The development of the greenfield Colenso anthracite coal mining project, in KwaZulu-Natal – primarily earmarked to supply the coal-fired Colenso power station currently in the planning phase – is expected to start next year at an estimated cost of R410-million, says coal mining and independent power producer company Colenso Power CEO John James.
“We did our sums and the conclusions were inescapable – constructing and operating a power station near the developing coal project will bring the communities in and around Colenso out of poverty and into the middle-class economy.”
James is adamant that the project will pro- vide much-needed baseload power to a strained grid, which, he says, is preventing any mean- ingful development of industries and electrification in the communities in the province.
He highlights that the project is the first independent power producer in South Africa to insist on using best-in-class, supercritical boiler technology for efficiency, as well as emissions-reduction technologies, to provide one of the world’s cleanest emissions footprints.
Colenso Power has consulted with the departments of Energy and Environmental Affairs to fulfil all the requirements for the construction and operation of a new, clean coal technology power station, having received environmental authorisation from the Department of Environmental Affairs in February 2016.
James points out that the environmental-impact assessment (EIA) is based on the construction of a 1 050 MW power station that will be built in three phases of 350 MW each, with the first phase taking about four years to complete at a capital cost of about R7-billlion.
“The EIA was conducted to such a rigorous standard that it is apparently being used as the benchmark by a well-known engineering and environmental firm in the UK as a template for all future power station developments there.”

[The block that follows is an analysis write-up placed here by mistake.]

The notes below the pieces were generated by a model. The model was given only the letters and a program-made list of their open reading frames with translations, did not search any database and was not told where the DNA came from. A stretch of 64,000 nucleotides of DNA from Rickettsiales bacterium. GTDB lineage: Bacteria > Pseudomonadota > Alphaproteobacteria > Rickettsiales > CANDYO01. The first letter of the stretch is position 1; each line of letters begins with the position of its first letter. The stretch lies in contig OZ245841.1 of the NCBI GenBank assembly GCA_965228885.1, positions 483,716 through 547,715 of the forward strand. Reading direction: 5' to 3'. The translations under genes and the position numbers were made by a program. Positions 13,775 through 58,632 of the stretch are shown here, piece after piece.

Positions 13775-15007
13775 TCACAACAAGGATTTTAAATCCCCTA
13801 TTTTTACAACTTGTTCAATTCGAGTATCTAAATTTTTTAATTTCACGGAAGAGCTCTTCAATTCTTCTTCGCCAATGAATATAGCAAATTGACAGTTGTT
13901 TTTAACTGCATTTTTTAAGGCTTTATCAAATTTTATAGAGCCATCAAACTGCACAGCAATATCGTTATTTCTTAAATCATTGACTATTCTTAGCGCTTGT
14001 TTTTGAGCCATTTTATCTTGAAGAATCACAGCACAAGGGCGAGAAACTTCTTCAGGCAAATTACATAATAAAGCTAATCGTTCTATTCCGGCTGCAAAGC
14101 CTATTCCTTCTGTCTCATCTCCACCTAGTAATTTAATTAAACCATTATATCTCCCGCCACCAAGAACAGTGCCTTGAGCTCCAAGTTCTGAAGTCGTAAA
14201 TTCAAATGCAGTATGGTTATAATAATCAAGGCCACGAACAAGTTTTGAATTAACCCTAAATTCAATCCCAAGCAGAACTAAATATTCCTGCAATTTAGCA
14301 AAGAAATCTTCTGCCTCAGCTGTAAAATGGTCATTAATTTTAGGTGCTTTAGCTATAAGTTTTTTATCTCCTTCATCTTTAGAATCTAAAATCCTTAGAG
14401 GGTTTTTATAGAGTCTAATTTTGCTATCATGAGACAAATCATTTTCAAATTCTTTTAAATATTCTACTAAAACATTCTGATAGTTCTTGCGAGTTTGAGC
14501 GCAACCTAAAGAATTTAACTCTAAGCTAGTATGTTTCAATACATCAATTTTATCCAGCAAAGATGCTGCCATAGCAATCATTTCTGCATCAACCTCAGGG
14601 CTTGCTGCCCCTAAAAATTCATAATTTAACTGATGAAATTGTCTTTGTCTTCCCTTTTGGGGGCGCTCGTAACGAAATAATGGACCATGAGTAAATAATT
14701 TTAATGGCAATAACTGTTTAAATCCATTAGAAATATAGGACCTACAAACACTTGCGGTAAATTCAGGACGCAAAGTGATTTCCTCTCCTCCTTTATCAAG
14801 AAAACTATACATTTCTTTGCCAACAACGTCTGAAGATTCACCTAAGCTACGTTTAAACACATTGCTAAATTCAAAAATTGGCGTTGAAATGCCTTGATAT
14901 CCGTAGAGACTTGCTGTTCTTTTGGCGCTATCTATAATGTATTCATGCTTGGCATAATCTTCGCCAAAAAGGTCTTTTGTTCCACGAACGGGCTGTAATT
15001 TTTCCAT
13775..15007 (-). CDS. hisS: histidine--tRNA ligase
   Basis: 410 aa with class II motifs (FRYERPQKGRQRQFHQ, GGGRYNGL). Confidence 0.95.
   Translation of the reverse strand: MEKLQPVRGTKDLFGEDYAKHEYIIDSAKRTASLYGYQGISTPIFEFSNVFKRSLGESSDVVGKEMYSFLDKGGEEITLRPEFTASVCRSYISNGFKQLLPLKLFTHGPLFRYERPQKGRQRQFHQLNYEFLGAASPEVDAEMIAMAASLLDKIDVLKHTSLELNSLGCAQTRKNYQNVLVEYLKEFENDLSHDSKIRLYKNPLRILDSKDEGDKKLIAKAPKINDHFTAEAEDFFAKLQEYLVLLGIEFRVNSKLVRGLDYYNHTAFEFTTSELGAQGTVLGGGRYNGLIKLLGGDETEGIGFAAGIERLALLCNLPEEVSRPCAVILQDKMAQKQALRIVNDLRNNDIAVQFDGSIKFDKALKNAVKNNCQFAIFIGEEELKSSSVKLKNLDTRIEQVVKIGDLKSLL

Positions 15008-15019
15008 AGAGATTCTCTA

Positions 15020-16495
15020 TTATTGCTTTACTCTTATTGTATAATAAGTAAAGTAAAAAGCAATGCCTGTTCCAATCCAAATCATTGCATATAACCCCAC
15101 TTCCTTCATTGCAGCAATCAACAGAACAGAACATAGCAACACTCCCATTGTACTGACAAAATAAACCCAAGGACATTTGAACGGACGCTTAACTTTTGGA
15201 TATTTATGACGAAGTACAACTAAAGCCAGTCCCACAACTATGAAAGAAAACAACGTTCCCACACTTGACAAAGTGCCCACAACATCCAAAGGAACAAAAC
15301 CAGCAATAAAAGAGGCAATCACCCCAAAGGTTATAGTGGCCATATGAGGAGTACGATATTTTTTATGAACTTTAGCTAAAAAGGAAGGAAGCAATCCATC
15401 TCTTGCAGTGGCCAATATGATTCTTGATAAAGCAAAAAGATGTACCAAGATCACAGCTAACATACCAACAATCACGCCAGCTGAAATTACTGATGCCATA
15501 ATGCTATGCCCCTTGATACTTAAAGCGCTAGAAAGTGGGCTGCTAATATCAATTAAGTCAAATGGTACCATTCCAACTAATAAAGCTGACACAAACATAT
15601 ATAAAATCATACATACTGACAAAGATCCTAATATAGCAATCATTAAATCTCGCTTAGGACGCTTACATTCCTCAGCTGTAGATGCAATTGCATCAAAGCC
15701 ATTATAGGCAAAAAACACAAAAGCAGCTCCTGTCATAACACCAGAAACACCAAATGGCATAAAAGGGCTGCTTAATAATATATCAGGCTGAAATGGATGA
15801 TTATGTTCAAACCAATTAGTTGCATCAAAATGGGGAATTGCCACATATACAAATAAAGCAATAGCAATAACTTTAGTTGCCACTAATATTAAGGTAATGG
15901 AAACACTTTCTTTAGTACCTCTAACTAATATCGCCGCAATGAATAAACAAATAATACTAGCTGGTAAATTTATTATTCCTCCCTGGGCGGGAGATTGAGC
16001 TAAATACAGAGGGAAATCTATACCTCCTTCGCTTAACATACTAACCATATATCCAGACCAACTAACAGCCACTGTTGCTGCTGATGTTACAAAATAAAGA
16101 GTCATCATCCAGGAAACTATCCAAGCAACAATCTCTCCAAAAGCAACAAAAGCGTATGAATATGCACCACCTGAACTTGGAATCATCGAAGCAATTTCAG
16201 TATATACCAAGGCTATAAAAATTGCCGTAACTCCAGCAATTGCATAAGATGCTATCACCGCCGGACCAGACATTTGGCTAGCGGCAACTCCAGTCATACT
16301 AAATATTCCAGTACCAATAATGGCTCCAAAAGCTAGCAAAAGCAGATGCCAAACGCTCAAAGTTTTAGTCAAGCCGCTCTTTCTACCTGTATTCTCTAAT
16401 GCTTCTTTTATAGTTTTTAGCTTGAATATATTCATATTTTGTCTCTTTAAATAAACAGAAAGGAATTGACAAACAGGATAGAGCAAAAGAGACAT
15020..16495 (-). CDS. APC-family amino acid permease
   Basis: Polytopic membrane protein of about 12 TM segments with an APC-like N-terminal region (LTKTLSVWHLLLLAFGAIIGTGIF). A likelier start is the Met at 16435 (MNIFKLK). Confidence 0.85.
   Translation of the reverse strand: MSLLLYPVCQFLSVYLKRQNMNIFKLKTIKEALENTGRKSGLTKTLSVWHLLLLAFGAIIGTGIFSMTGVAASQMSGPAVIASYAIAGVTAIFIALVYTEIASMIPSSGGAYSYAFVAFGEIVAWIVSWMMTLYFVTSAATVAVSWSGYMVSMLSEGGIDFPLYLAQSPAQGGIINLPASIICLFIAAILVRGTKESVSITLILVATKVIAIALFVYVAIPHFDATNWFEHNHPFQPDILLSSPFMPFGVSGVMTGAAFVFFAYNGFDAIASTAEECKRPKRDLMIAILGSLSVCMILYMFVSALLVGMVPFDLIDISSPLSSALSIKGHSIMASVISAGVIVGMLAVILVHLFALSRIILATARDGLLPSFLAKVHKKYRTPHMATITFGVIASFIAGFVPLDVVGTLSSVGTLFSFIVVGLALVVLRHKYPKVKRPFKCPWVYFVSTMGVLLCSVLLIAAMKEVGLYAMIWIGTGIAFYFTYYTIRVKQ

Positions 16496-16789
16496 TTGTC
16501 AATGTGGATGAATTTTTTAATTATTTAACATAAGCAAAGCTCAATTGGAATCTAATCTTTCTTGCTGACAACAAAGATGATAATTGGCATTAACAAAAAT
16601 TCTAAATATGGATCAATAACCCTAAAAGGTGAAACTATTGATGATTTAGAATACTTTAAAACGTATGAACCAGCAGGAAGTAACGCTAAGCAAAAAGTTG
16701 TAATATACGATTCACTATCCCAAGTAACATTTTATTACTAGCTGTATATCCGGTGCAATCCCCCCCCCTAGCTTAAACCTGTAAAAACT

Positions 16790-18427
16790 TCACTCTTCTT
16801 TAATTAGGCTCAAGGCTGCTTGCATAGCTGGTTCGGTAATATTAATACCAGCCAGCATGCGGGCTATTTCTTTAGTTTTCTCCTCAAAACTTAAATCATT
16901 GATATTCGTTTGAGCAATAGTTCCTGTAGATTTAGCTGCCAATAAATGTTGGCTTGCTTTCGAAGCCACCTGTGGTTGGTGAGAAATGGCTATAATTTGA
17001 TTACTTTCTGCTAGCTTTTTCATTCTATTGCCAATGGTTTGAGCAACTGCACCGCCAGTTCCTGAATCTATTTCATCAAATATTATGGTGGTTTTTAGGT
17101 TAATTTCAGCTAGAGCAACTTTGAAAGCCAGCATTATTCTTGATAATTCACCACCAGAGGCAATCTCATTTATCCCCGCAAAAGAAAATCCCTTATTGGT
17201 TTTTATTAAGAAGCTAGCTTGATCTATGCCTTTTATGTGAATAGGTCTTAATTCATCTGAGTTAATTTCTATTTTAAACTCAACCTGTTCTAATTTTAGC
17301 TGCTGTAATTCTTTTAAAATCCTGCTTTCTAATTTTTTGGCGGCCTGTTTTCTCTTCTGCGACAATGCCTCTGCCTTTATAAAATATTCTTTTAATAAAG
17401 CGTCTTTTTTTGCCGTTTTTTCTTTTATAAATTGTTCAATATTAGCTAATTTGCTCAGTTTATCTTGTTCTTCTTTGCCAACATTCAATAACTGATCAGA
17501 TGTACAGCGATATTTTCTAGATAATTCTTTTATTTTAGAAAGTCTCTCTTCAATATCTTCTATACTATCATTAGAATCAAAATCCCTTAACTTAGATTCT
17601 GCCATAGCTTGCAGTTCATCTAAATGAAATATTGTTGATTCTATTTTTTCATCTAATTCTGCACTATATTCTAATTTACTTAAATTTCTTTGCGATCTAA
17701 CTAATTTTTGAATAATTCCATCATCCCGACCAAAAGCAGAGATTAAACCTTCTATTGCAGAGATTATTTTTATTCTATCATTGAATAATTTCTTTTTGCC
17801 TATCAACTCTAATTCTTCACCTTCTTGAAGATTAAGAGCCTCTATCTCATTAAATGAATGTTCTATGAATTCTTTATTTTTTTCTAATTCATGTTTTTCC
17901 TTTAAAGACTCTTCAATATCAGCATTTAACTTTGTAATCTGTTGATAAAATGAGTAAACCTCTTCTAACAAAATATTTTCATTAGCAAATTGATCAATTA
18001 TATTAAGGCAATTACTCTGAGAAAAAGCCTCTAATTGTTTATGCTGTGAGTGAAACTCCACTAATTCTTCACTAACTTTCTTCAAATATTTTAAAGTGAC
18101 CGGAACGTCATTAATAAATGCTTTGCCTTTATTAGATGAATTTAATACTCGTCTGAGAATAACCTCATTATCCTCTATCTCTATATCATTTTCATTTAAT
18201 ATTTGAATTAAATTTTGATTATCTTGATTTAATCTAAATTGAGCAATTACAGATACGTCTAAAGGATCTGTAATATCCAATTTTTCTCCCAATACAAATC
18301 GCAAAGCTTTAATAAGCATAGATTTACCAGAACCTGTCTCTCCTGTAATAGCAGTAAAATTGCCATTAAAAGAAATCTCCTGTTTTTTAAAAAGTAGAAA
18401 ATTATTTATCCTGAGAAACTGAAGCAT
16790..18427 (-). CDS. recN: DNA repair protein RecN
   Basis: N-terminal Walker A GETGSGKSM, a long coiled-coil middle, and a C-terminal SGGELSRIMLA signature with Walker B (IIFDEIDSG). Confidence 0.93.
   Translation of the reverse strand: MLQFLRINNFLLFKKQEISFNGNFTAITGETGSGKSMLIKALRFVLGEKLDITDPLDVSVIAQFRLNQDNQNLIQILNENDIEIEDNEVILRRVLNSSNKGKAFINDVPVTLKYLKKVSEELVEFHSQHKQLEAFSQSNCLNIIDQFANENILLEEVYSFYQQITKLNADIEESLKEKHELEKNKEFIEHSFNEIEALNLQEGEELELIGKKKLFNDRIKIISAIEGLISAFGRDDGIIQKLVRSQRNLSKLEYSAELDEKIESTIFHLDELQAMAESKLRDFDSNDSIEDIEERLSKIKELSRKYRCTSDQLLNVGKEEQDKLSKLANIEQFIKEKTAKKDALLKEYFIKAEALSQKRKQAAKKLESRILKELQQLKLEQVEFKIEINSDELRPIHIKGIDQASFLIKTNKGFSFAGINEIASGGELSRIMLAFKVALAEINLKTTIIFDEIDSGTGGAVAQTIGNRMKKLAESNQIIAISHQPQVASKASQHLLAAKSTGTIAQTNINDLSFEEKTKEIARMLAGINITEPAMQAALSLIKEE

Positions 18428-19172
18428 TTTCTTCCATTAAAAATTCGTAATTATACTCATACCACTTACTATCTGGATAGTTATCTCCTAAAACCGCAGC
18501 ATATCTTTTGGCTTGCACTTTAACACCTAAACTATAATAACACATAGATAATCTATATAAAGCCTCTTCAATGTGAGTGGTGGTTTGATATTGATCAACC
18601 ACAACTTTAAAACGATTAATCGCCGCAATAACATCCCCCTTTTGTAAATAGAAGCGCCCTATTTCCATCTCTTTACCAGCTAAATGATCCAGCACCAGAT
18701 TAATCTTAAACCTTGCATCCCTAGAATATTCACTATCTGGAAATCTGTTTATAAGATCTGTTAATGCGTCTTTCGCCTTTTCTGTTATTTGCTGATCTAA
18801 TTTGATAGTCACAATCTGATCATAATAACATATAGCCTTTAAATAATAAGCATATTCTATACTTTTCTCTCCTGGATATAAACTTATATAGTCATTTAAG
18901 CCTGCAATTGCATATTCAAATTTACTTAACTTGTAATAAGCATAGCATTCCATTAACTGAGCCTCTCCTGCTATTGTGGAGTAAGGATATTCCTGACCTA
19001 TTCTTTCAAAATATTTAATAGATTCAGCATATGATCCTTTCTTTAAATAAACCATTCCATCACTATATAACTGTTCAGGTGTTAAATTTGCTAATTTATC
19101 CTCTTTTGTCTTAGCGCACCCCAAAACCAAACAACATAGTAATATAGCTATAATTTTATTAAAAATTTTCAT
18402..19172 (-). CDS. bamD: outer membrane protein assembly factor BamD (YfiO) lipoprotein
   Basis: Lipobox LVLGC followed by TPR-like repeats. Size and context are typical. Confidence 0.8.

He says Colenso Power’s technical partner, Chinese engineering and construction company SEPCO Electric Power Construction Corporation, has completed a technical and financial feasibility study which shows that the power project is technically and financially feasible.
“We have reached a point in the development of this crucial project where we are simply waiting for the green light to proceed to finalising the documents and due diligences for presentation to the Department of Energy (DoE).”
James says South African commercial banks, development finance institutions and Chinese financial institutions will fund the project, pending an announcement on the second round of the Coal Baseload Independent Power Producer Procurement Programme facilitated by the DoE.
“Our team, our communities and municipalities are ready to start finalising the requirements for the financial institutions’ respective credit committees,” he adds.
Social and Economic Development
It is estimated that the coal power station project will create 19 000 full-time jobs in the first phase of construction, and 42 000 full-time jobs if all three phases are done in succession, James notes.
“The average household income of 95% of the population of Colenso and its immediate communities is R800 per month. The household income of these communities will increase to more than R11 000 per month.”
In addition, the local communities will receive dividend flows from the power station, while the project will bring new housing development, roads, sanitation and water infrastructure with shops, clinics and schools.
“R200-million will be spent by the company in partnership with industry and coordination with local and district municipalities on social and socioeconomic development initiatives. This will ensure that, after construction is completed, employment will continue to grow sustainably,” James says.
National gross domestic product will increase by R3-billion by virtue of the first phase of construction of the project alone, in addition to the capital expenditure, James concludes.